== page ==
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[Xmca-l] Re: The zone of proximal development
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- Subject: [Xmca-l] Re: The zone of proximal development
- From: Annalisa Aguilar <email@example.com>
- Date: Wed, 8 Jul 2015 21:53:14 +0000
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- Thread-topic: [Xmca-l] Re: The zone of proximal development
I love this Rob!
It's like knock-knock jokes.
Say, anyone have any good Vygotsky knock-knock jokes?
I would say that humor is essential in a ZPD as it dresses up the environment and all its problems much nicer than a plant.
Humor works through recognition of something as something else. Such as a young boy acting as a Greek referendum voter (with his mother). And thus it delights us to see two things at the same time in one thing.
Of course joy is connected to humor, as long as it isn't at someone else's expense (when lightbulbs tend to blow out and must be changed by maudlin folk singers).
We know that learning and joy are connected in the most optimum learning environments, or rather zopeds.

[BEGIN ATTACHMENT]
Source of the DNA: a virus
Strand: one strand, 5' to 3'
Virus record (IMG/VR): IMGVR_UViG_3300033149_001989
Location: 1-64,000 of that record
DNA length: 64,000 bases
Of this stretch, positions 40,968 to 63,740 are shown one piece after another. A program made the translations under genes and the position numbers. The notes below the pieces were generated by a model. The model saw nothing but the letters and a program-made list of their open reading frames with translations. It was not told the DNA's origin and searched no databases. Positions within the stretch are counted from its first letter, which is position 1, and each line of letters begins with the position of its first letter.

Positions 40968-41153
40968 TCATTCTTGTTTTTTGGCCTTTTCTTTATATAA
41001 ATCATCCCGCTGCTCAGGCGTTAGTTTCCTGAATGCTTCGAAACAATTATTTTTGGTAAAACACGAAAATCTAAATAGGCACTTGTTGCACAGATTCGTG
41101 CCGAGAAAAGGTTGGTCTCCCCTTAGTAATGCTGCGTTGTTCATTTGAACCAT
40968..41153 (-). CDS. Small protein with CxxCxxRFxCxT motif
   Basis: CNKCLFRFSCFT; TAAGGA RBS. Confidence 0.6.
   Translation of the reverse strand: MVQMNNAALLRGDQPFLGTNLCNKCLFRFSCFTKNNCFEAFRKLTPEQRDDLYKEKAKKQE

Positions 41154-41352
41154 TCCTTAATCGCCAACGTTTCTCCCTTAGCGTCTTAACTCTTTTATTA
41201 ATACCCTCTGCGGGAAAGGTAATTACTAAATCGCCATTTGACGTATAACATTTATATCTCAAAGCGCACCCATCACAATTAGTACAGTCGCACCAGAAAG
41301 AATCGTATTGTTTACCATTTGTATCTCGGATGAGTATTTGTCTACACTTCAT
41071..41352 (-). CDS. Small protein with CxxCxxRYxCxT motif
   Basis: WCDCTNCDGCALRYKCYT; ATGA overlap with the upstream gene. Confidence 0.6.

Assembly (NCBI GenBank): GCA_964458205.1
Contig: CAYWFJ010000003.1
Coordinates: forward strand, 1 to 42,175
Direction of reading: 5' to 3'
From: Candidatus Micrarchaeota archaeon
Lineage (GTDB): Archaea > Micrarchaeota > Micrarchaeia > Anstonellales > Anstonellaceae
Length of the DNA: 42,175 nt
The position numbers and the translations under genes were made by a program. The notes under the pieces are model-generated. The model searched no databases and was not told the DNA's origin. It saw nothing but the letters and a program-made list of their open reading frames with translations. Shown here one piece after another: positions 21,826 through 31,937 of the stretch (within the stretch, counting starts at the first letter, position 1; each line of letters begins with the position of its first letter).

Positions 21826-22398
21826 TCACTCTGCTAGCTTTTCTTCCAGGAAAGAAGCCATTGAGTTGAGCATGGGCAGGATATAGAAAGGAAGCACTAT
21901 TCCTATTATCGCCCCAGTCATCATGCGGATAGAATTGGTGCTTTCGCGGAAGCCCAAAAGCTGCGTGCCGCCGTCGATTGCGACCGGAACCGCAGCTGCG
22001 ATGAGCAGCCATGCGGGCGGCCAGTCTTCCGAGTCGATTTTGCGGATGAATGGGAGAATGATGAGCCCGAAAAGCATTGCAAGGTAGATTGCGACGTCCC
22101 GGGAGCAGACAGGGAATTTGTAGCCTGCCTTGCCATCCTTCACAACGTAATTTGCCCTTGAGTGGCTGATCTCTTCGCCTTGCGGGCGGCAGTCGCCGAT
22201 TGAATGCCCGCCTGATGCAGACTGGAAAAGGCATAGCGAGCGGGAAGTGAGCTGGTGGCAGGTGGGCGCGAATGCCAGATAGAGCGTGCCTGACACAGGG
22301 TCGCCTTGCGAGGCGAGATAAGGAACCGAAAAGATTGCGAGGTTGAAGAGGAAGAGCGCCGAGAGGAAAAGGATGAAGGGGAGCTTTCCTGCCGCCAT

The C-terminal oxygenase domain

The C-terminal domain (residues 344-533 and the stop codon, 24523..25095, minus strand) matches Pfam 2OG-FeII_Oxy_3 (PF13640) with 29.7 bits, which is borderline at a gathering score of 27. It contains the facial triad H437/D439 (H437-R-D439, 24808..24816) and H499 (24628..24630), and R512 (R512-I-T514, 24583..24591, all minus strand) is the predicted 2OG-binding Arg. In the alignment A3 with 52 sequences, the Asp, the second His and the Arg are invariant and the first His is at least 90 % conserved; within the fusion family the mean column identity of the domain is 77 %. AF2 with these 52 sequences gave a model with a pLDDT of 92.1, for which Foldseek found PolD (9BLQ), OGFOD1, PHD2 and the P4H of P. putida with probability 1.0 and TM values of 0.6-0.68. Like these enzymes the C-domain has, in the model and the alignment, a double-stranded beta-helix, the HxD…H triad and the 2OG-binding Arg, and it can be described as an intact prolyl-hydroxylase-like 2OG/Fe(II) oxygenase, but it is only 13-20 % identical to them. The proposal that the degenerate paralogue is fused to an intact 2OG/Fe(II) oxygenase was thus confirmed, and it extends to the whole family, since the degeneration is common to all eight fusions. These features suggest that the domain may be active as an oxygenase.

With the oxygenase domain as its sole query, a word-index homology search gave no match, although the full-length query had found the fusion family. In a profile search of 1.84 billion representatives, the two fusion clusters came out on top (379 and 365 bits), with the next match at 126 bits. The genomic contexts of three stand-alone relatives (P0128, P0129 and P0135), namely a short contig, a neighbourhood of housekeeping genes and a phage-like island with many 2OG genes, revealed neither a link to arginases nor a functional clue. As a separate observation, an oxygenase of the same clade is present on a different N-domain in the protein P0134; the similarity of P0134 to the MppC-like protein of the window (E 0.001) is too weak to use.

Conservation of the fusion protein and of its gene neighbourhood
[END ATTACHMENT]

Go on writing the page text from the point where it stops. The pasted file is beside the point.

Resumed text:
Perhaps humor is important because it is a moment when the mind is relaxed and open. Thus allowing a facility to grasp something novel, much like an infant will grasp his father's finger when the finger is introduced to him for the first time.
A recognition is made when a connection is made.
From: firstname.lastname@example.org <email@example.com> on behalf of R.J.S.Parsons <firstname.lastname@example.org>
Sent: Wednesday, July 8, 2015 9:19:18 AM
To: eXtended Mind, Culture, Activity
Subject: [Xmca-l] Re: The zone of proximal development
Completely off topic, but, for what it's worth, my favourite is still
the folk singer version.
Q: How many folk singers does it take to change a lightbulb?
A: Five. One to change it, and four to sing about how much nicer the old
To bring it slightly back on topic, I have just absorbed a presentation
on emotional competencies in teaching, and I am pondering the role of
humour in a zpd.
On 08/07/2015 15:55, Annalisa Aguilar wrote:
> Sometimes a ZPD is just a scrum.
> Did you hear the one:
> "How many Vygotskian scholars does it take to change a lightbulb?"
> "None. The lightbulb has to want to change."
> I suppose the scholars can keep trying.
> I didn't know that children do not know how to cooperate or collaborate. I seem to see them doing it far more often than European politicians, that's for sure.
> Kind regards,
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